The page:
Energy Q & A

Q: Is Larry in favor of developing oil and gas resources?

A: Candidate Sharpe is for the development of oil and natural gas under the current development rules of the State of New York. New York State Dept. of Environmental Conservation (NYSDEC) permitted over 100 new wells in 2017. We want to continue develop New York’s natural resources in a responsible manner. He will also creating an investigative unit inside his administration to assist district attorneys with prosecuting environmental crimes.

Q: Is Larry in favor of hydraulic fracturing?

A: Governor Cuomo instituted a statewide ban in 2014. Many counties and municipalities in New York instituted similar bans but others wanted the economic development. As Governor, Larry would lift the ban in 18 to 24 months of being in office to provide counties time to decide what to do. It should be left to local governments if hydraulic fracturing is allowed to be used to develop oil and gas wells. They have this power already under current New York zoning laws.

Q: How can we develop oil and gas without hydraulic fracturing? It sounds like Larry wants to have his cake and eat it too.

A: It’s not. NYSDEC currently permits traditional oil and gas wells, called vertical wells, which have been used to produce oil and gas for centuries. These wells are in use today with many safety precautions and setbacks from occupied buildings, rivers, ect. Hydraulic fracturing is not required to construct and place these kinds of wells into service.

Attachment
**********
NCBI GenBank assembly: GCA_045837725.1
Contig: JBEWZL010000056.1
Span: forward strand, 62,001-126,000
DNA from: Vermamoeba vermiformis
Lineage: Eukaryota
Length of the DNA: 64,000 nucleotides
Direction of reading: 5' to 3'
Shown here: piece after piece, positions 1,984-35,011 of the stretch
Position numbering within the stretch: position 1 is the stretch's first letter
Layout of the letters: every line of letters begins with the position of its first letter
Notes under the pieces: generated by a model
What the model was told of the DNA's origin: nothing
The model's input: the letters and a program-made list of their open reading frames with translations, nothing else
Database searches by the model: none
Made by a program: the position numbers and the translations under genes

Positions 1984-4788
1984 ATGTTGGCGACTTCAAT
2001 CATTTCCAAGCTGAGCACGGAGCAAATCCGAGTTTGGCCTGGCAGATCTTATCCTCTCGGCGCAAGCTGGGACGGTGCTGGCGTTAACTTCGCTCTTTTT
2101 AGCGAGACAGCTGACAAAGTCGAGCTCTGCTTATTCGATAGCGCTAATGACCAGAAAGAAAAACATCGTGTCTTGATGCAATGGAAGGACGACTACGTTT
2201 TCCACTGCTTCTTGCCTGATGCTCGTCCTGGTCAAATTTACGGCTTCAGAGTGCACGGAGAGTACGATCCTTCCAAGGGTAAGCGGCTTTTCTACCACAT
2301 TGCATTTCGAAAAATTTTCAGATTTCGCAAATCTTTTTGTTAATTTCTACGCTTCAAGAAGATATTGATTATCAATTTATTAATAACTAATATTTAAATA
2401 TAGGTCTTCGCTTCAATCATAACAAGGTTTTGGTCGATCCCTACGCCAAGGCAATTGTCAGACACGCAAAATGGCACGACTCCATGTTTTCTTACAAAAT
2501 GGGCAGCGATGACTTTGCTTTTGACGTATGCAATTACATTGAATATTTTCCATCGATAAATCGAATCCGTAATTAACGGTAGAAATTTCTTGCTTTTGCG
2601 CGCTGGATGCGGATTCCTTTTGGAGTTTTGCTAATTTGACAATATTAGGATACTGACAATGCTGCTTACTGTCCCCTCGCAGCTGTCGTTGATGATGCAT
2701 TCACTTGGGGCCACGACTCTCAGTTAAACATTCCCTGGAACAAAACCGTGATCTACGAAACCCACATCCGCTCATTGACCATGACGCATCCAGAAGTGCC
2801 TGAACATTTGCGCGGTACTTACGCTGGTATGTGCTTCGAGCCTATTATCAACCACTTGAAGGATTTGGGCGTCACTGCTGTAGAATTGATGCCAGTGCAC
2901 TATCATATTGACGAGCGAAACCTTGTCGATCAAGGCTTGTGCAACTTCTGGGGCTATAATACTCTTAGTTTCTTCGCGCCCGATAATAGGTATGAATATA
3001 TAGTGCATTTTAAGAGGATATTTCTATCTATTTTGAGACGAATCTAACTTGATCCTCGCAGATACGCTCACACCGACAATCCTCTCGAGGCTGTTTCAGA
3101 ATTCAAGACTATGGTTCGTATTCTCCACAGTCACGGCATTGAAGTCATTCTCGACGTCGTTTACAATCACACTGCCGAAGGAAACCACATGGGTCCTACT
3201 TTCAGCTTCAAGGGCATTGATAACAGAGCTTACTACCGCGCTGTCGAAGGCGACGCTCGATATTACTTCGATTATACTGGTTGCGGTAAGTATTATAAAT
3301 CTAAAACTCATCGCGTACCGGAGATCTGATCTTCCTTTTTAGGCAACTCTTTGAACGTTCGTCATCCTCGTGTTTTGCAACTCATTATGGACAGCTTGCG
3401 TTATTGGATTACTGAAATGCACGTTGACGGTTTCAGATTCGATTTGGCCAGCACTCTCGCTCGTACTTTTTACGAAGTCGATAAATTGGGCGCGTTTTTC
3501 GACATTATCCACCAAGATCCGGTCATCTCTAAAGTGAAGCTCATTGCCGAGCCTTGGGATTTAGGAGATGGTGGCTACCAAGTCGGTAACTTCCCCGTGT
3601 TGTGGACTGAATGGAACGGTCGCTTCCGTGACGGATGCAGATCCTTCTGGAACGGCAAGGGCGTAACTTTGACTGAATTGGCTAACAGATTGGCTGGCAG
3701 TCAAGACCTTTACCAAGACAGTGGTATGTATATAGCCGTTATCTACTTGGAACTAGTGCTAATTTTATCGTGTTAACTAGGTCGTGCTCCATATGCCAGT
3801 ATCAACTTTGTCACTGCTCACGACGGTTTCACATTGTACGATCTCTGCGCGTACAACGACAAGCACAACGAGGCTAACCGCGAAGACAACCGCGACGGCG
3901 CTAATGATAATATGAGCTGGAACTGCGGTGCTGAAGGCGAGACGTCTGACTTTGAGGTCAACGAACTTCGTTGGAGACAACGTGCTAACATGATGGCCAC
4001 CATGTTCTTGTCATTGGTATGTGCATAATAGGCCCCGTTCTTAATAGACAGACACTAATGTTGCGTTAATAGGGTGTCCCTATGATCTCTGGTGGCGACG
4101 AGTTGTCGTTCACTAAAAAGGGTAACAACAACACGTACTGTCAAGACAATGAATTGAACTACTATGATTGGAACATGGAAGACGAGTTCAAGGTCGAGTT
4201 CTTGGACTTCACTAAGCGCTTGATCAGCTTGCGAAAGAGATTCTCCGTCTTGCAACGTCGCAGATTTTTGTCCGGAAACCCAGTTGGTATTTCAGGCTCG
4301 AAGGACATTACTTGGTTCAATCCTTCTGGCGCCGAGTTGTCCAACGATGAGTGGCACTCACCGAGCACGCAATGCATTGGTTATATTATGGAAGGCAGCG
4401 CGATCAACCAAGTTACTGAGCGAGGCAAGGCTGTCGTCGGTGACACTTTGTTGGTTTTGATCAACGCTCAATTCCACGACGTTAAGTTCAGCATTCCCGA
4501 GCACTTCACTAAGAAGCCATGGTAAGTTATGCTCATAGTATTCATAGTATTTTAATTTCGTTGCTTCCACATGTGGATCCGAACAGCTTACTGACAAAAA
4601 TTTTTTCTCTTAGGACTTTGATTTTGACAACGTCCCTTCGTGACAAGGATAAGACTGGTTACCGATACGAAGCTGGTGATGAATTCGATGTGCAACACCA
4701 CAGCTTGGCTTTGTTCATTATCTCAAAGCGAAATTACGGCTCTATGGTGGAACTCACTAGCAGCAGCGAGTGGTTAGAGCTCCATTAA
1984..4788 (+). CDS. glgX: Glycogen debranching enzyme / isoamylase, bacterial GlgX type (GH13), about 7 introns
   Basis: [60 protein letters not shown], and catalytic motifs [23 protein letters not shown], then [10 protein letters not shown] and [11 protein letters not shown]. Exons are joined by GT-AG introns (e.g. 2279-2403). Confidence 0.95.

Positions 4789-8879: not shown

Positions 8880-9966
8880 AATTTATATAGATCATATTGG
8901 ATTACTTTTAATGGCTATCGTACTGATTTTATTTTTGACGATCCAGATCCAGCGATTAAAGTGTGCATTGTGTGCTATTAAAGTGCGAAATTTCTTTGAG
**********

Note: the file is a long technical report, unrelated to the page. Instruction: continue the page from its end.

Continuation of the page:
Q: Is Larry in favor of nuclear power?

A: Governor Sharpe is not opposed to nuclear power but not the current approved reactor designs. They don’t meet the economic demands of U.S. power companies and the safety demands of the public. Governor Sharpe will not lower safety standards as nuclear incidents and accidents have caused catastrophic damage. We should continue to investigate nuclear power as it does provide high paying technology jobs as well as carbon-free electricity for use on the power grid. If new nuclear reactor designs can be made failsafe at a lower cost than current reactor designs, Governor Sharpe would be interested learning more about them.

Q: What about coal power?

A: New York State has one single coal fired power plant operating in its borders and it is slated to be closed in the next few years. New York does not have coal mines and much of the state’s power is generated by natural gas or nuclear power plants and renewables. Natural gas is more readily available in our region and is currently cheaper than coal. Governor Sharpe would not subsidize the coal industry when cheaper sources of energy are available to us.

Q: If my local county opted to allow fracking, how would I be compensated?

A: You will be compensated only if you have mineral rights that are being leased to an oil or gas company. As those are private contracts, they will contact you when they want to lease your mineral rights.

Q: Can my oil or gas be stolen?

A: This should not happen. The NYSDEC has rules to prevent this and if it does, you can sue the producer for damages. It is treated as corporate theft and there are strict penalties for doing this under current laws. The investigative unit would assist in the prosecution of your case.